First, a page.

Goldilocks and the Three Networks

Goldilocks and the Three Bears

Diversity on television

White and black characters are overrepresented, while Latino and Asian characters are underrepresented on prime-time TV, according to a recent UCLA study tracking diversity on television.

(I would say first of all that if you want to know anything about diversity, you should definitely ask someone at UCLA. They are all about diversity over there, and here’s what it leads to — “researchers” watching sitcoms with a stopwatch.)

I suspect the person leading the study — Darnell Hunt, director of the Ralph J. Bunche Center for African American Studies at UCLA — hoped to correlate economic and educational achievement, or lack thereof, with face time on TV, but his numbers don’t support that.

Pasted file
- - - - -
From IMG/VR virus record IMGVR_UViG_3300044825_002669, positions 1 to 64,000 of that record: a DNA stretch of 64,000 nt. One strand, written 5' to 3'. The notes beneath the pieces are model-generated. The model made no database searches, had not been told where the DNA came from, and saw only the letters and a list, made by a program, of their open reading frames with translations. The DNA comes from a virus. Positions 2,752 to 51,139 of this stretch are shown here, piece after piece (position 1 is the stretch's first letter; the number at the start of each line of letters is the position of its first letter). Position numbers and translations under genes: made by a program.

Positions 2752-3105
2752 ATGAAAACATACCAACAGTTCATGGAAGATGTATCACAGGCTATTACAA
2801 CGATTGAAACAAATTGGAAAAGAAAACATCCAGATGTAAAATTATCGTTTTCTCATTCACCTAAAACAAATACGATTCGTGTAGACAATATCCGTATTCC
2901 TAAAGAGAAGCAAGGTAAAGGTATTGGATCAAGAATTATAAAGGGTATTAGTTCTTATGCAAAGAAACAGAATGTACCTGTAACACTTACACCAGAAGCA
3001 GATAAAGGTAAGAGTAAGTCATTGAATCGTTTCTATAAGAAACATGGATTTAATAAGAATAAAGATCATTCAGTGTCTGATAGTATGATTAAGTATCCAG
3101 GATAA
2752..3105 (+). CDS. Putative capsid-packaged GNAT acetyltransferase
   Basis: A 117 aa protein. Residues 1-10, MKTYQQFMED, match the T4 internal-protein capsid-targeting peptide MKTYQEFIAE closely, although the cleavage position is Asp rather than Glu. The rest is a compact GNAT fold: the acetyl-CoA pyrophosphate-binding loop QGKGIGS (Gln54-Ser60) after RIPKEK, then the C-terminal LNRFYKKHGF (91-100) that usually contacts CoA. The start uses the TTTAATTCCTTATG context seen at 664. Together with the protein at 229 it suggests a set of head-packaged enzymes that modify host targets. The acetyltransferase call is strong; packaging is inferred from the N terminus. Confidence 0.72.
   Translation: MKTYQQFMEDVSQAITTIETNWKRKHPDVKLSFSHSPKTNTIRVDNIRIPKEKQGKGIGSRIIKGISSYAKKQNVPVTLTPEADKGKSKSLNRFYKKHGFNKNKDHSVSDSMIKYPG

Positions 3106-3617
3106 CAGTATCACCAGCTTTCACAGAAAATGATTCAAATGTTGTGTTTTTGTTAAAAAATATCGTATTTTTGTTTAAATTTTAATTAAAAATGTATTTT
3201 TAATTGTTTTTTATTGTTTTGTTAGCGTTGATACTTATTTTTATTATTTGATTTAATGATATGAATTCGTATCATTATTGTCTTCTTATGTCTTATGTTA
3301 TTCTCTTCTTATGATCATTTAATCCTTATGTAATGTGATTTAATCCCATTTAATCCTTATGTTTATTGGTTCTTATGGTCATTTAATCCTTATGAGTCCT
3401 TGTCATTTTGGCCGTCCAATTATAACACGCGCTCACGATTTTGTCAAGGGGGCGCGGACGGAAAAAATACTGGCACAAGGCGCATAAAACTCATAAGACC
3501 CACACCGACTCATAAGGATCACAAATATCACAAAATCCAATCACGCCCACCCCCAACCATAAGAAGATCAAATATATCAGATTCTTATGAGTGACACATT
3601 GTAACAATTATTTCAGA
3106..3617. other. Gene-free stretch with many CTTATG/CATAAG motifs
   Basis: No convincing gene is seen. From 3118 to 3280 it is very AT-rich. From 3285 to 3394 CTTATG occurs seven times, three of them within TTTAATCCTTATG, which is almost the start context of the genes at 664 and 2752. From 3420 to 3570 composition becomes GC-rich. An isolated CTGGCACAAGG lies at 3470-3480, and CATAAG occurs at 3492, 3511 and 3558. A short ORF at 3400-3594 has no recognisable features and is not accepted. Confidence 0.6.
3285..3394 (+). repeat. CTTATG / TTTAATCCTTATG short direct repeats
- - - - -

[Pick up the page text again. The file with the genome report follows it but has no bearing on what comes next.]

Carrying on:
The overrepresentation of blacks was probably a major disappointment, and the official news release downplays that in favor of the overrepresented whites/underrepresented Latinos angle.

“Prime-time television is about much more than just the business of entertainment,” Hunt says. “It is one of the primary cultural vehicles through which we imagine the type of society we would like to have, that we believe may be possible.”

Well, bullshit, my friend. Personally, I stopped watching prime-time TV 10 years ago, when I realized I’d seen nothing but crap for 10 years before that . . . and I have to agree with George Carlin, who said that if your kid needs a role model and it’s not you, you’re both fucked.

I wonder if there’s any group getting exactly the right amount of TV representation.

These groups are overrepresented, these groups are underrepresented, but this group is juuust right . . .

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